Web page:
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Heterotopic ossification of the knee joint in intensive care unit patients: early diagnosis with magnetic resonance imaging
Critical Care volume 10, Article number: R152 (2006)
Heterotopic ossification (HO) is the formation of bone in soft tissues. The purpose of the present study was to evaluate the magnetic resonance imaging (MRI) findings on clinical suspicion of HO in the knee joint of patients hospitalised in the intensive care unit (ICU).
This was a case series of 11 patients requiring prolonged ventilation in the ICU who had the following diagnoses: head trauma (nine), necrotising pancreatitis (one), and fat embolism (one). On clinical suspicion of HO, x-rays and MRI of the knee joint were performed. Follow-up x-rays and MRI were also performed.
First x-rays were negative, whereas MRI (20.2 ± 6.6 days after admission) showed joint effusion and in fast spin-echo short time inversion-recovery (STIR) images a 'lacy pattern' of the muscles vastus lateralis and medialis. The innermost part of the vastus medialis exhibited homogeneous high signal. Contrast-enhanced fat-suppressed T1-weighted images also showed a 'lacy pattern.' On follow-up (41.4 ± 6.6 days after admission), STIR and contrast-enhanced T1-weighted images depicted heterogeneous high signal and heterogeneous enhancement, respectively, at the innermost part of the vastus medialis, whereas x-rays revealed a calcified mass in the same position. Overall, positive MRI findings appeared simultaneously with clinical signs (1.4 ± 1.2 days following clinical diagnosis) whereas x-ray diagnosis was evident at 23 ± 4.3 days (p = 0.002).
MRI of the knee performed on clinical suspicion shows a distinct imaging pattern confirming the diagnosis of HO earlier than other methods. MRI diagnosis may have implications for early intervention in the development of HO.
Heterotopic ossification (HO) is the formation of bone in soft tissues where it is neither needed nor desired . HO was first described in 1883 by Reidel, and later, in 1918, Dejerne and Ceilliar  reported the development of HO among paraplegic patients injured in World War I. Common predisposing conditions for HO are direct muscular trauma, total hip and knee arthroplasty, spinal cord injury, head injury, prolonged sedation, mechanical ventilation, and ankylosing spondylitis [1, 3–5]. In critically ill patients, HO has been associated with paralysis and prolonged immobilisation, head and spinal cord injury, acute respiratory distress syndrome (ARDS), burns, and pancreatitis . In the Toronto ARDS Outcomes Study, the prevalence of HO was 5% . Genetically determined forms of HO are fibrodysplasia ossificans progressiva and progressive osseous heteroplasia [1, 5]. The pathogenetic mechanism of HO is unknown but probably results from an imbalance between certain forms of bone morphogenetic protein and their antagonists. Overexpression of bone morphogenetic protein in the para-articular soft tissues induces mesenchymal stem cells to differentiate into bone via the enchondral pathway [1, 5].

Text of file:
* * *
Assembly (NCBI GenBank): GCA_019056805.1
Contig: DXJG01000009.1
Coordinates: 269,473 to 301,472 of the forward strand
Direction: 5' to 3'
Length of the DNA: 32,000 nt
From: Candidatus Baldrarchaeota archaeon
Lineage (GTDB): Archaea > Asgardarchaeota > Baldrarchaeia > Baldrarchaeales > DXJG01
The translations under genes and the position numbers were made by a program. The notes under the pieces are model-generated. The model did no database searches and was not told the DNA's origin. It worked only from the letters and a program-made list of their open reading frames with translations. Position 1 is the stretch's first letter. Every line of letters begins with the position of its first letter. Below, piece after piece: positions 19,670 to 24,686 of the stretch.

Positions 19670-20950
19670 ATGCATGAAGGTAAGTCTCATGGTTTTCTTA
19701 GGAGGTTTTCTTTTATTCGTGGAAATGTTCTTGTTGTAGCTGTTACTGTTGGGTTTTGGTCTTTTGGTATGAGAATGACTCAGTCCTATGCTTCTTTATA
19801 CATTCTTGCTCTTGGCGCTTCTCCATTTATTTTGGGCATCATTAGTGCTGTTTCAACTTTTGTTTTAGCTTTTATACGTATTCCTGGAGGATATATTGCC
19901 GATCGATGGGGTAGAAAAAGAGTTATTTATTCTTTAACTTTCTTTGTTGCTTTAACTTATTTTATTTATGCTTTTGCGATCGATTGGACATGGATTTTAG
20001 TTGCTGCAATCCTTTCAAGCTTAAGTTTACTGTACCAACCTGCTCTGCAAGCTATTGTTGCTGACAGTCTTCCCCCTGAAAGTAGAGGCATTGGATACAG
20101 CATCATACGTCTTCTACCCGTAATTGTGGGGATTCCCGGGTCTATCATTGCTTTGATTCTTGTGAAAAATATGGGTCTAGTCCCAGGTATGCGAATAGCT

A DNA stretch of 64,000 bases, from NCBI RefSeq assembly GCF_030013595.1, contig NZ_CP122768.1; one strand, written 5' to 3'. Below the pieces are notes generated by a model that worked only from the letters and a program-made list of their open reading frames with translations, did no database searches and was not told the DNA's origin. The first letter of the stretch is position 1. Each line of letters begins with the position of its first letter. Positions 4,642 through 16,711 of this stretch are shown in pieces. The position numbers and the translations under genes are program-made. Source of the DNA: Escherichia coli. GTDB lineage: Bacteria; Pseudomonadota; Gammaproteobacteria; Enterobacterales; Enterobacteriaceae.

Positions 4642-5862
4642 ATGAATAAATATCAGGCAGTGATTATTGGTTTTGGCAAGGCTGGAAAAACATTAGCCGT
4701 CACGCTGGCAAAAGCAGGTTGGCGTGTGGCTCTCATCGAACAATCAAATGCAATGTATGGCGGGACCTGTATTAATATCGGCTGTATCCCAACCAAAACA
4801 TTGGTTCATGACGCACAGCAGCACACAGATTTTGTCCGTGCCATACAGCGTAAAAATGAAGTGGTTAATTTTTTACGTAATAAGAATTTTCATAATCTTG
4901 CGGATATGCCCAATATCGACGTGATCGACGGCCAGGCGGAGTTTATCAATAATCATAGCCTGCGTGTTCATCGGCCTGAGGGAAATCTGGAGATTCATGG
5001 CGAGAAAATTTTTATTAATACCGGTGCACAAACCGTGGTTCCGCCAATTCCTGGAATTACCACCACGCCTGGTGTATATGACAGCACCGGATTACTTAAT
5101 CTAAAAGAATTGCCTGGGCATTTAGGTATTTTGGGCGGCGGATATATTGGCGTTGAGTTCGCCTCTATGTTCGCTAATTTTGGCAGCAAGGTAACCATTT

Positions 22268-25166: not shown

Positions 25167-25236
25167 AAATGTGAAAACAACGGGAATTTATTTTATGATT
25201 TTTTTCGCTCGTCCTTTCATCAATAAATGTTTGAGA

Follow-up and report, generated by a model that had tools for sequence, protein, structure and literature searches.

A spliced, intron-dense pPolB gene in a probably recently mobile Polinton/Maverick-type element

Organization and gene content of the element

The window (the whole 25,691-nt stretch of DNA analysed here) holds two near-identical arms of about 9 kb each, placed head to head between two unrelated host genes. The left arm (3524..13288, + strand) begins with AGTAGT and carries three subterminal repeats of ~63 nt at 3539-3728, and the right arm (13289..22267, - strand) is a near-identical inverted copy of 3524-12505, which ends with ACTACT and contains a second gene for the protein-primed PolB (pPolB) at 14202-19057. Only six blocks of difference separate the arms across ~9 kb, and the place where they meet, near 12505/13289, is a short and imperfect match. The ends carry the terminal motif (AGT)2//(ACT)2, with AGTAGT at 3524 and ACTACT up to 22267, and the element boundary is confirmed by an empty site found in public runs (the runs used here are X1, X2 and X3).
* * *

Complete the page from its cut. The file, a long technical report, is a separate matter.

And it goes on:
Complications of HO are peripheral nerve entrapment, pressure ulcers, and functional impairment of the joint [5, 8]. Surgical resection may be performed to increase joint mobility but should be postponed until the HO matures and becomes less active metabolically . Prevention and early treatment of HO are preferable but these necessitate early detection.
Scintigraphy using technetium-labeled pyrophosphate and ultrasonography (US), which have been used for early detection, are both methods that are sensitive but not specific . Scintigraphy cannot distinguish between early HO and musculoskeletal tumours or infection, whereas US depicts early HO as a non-specific hypoechoic mass . X-rays and computerised tomography scan have also been used, but the earliest findings of HO (a soft tissue mass with peripheral calcification–zone pattern) do not appear until two weeks after clinical suspicion [1, 10]. The earliest magnetic resonance imaging (MRI) findings that have been described come from examinations performed 13 ± 18.4 days after clinical suspicion of HO, in the hip joints of patients with spinal cord injury . The purpose of the present study was to evaluate the MRI findings on clinical suspicion of HO in the knee joint of patients hospitalised in the intensive care unit (ICU).